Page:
Apple Computer Inc. on Thursday became one of the biggest U.S. companies to concede that it might have manipulated stock option grants to benefit executives, including Chief Executive Steve Jobs.
The Cupertino, Calif.-based company said it started an investigation of grants made from 1997 to 2001, including one awarded to Jobs.
Also Thursday, accounting software company Intuit Inc. said it received a subpoena from the Justice Department regarding option-grant practices.
The disclosures bring the number of companies that have announced possible stock option irregularities to almost 60. Investigators are trying to determine whether companies inflated the value of stock options awarded to senior executives by backdating or timing the grants to coincide with days when the stock price was low.
Given Apple's size, "For them to be potentially implicated definitely raises the profile of the scandal," said Todd Fernandez, an analyst at Glass, Lewis & Co., an investment research firm in San Francisco.
Apple said it notified the Securities and Exchange Commission and hired independent counsel to perform its investigation.
The company said the grant awarded to Jobs was subsequently canceled and didn't result in a financial gain.
"Our internal investigation was undertaken in response to general industry concerns about historical options-granting processes at a number of companies," an Apple spokesman said.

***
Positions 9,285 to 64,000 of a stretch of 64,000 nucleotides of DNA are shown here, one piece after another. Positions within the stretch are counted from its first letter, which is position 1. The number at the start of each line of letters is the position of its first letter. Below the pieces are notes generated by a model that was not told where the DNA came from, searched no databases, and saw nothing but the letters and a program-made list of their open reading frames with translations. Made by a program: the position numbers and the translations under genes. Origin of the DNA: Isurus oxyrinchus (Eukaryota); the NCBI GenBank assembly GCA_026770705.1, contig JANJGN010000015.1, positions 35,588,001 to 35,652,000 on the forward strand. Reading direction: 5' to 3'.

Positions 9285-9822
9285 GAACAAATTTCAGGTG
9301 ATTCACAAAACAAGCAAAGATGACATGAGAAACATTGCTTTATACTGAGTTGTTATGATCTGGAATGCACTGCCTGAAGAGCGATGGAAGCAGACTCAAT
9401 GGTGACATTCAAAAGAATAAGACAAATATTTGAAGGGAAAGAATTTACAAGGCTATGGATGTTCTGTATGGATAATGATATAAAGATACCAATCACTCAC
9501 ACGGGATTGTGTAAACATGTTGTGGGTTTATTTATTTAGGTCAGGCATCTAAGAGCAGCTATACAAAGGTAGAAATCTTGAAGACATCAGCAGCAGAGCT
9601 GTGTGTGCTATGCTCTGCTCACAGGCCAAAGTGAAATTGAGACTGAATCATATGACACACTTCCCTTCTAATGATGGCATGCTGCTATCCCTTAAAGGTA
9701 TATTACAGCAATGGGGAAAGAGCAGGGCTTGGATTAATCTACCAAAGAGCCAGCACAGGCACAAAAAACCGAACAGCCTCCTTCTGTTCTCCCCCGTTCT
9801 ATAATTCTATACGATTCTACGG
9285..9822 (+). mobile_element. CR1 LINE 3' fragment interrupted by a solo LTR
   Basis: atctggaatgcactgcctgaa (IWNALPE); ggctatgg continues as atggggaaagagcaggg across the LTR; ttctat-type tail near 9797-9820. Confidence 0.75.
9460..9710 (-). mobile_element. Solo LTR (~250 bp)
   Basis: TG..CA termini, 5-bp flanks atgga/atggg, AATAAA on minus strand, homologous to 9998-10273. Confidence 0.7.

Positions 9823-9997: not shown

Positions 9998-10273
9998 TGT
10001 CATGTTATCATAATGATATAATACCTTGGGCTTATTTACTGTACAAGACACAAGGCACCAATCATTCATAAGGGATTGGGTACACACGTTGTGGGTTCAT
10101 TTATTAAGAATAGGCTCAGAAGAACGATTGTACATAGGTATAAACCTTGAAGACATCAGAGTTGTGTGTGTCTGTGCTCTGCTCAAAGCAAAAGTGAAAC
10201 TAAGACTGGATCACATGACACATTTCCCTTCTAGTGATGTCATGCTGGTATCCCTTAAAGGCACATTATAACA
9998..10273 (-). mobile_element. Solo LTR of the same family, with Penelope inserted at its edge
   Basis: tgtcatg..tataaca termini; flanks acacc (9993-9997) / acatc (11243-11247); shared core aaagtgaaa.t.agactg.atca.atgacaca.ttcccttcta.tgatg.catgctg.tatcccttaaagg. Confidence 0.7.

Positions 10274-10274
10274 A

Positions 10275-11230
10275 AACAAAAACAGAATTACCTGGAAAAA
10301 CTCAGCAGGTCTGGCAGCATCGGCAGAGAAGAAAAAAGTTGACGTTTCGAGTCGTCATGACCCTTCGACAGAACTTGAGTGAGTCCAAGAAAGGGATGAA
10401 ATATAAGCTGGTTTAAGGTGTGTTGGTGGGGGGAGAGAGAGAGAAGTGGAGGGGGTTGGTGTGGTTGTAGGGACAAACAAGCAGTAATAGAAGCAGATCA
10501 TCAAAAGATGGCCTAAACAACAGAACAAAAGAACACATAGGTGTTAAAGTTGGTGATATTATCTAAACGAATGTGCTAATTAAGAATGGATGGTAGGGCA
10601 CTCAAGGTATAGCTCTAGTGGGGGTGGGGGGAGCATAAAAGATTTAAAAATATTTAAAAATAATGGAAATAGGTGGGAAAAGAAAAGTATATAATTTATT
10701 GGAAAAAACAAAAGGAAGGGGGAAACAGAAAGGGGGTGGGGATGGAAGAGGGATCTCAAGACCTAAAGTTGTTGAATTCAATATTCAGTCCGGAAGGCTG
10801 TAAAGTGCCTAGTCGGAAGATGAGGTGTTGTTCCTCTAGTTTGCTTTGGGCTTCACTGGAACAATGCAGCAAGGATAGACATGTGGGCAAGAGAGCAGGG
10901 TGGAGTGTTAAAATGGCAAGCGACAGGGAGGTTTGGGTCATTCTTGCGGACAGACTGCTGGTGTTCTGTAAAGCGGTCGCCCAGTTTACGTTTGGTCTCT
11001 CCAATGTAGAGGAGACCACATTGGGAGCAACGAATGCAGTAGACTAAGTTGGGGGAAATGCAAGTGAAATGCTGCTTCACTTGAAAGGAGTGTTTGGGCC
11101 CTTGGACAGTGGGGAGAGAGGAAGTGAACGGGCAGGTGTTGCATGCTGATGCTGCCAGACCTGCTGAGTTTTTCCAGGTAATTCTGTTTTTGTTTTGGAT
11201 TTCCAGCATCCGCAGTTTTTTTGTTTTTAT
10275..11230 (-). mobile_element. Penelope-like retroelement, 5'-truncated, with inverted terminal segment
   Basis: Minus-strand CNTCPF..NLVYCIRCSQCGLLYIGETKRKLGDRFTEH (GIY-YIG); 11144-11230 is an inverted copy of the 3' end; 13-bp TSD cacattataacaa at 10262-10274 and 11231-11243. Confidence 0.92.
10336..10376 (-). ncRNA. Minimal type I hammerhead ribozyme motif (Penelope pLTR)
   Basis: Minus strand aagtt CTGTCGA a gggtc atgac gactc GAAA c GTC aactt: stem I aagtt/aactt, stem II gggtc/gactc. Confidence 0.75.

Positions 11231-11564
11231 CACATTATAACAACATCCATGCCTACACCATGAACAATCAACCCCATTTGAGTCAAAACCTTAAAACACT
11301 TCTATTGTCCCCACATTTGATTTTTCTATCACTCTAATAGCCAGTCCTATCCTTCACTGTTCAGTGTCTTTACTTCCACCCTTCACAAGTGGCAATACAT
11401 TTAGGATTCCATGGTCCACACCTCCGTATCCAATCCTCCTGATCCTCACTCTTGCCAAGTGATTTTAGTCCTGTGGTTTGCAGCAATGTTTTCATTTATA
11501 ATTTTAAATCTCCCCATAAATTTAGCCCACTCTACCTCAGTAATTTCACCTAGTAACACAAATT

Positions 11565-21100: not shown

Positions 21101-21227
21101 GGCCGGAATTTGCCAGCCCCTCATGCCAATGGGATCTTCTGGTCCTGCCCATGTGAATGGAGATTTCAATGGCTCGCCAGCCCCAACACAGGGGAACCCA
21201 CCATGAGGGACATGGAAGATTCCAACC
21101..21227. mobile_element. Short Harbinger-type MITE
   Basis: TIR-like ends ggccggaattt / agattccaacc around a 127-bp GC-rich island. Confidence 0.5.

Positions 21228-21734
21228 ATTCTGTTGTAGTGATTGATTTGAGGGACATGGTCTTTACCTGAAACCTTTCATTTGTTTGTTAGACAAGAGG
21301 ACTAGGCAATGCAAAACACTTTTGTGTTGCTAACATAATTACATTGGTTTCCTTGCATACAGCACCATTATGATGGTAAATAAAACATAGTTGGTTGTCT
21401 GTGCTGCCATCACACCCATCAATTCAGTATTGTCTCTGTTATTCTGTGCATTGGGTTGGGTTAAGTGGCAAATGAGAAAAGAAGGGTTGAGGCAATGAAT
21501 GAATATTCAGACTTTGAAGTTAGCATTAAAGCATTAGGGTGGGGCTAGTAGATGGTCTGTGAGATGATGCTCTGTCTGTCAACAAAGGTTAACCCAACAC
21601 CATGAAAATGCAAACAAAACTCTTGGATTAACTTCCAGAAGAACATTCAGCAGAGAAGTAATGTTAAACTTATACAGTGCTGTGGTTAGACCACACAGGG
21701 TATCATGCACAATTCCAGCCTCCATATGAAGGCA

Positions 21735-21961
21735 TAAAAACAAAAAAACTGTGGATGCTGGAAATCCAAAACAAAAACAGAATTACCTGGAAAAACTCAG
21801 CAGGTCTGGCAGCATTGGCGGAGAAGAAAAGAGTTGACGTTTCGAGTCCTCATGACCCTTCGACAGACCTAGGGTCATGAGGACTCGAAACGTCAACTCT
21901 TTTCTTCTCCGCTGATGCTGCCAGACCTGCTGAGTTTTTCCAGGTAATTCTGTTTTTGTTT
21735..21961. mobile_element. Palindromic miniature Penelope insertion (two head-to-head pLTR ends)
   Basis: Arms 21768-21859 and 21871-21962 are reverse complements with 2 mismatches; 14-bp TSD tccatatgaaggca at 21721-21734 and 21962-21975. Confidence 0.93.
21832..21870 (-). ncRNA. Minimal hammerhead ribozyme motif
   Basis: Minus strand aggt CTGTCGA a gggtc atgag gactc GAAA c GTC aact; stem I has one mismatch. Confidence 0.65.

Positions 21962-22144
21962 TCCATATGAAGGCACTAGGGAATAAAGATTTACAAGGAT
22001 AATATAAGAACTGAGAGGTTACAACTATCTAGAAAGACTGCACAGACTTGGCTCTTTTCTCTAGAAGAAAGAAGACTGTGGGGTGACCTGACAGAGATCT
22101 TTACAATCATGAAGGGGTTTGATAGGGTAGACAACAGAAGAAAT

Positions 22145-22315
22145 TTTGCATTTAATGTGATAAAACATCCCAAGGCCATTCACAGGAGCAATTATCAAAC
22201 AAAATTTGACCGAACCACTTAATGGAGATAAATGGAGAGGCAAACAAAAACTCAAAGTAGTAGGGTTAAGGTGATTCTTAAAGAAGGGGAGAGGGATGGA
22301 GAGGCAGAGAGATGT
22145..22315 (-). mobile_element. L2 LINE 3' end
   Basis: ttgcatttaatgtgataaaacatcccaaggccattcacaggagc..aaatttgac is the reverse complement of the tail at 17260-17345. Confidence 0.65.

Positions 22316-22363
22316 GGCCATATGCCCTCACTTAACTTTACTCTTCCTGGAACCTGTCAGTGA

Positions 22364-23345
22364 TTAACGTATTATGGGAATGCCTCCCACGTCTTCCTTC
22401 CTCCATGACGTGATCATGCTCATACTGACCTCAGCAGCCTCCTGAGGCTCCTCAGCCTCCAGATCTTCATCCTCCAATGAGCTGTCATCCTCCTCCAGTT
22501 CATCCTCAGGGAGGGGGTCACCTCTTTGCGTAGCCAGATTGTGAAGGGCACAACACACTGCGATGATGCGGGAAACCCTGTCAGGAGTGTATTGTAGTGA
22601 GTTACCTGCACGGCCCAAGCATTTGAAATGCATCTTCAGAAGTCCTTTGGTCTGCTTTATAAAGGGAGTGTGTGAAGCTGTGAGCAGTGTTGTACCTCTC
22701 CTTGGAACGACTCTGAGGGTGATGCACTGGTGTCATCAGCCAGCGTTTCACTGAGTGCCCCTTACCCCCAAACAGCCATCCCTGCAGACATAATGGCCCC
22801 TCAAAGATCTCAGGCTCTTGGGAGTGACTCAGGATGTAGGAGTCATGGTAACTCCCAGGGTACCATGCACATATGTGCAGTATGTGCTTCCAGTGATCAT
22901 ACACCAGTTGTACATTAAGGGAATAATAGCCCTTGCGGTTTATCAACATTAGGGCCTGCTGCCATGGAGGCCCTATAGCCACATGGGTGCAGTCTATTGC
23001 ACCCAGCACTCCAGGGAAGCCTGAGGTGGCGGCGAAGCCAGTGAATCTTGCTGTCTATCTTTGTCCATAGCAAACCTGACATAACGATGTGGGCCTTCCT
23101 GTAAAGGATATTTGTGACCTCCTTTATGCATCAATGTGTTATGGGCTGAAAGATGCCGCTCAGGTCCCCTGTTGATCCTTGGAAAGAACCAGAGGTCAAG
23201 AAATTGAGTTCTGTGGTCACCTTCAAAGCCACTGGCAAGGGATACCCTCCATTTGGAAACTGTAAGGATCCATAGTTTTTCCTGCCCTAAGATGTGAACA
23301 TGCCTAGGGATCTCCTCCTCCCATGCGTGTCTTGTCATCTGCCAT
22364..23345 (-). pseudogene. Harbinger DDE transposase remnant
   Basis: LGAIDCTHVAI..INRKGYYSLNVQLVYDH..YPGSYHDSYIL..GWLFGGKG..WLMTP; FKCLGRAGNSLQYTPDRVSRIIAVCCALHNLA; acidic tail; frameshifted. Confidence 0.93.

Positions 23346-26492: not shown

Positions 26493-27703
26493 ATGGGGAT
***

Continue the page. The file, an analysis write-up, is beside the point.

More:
With so many option investigations underway, virtually all companies are trying to confirm that they did not grant suspicious options and are not doing so now, said David Larcker, an accounting professor at Stanford University's Graduate School of Business in Palo Alto.
Apple is "a huge company and one of the stars" of Silicon Valley, Larcker said. "Every company in the valley is going back and reviewing their procedures and looking at some of these situations. I would say it's a nervous time."
Mountain View, Calif.-based Intuit, maker of TurboTax and Quicken software, said it received a subpoena from the U.S. attorney for Northern California. The company said it would cooperate fully with the U.S. attorney.
Intuit disclosed June 9 that the SEC had begun an informal inquiry into its options practices.
Should the stock option scandal extend to companies the size of Apple, Congress might feel compelled to step in, said Richard Howe, an executive compensation attorney at law firm Sullivan & Cromwell.
"It's sort of like Enron," whose downfall led Congress to pass the Sarbanes-Oxley corporate reform law of 2002, Howe said. "Something comes out and we get new legislation."
Apple and Intuit made their announcements after regular stock trading ended. Their shares then dropped in late trading. During the regular session, Apple climbed $2.95 to $58.97 and Intuit rose 83 cents to $60. In after-hours trading, Apple slid to $57.30 and Intuit fell to $58.93.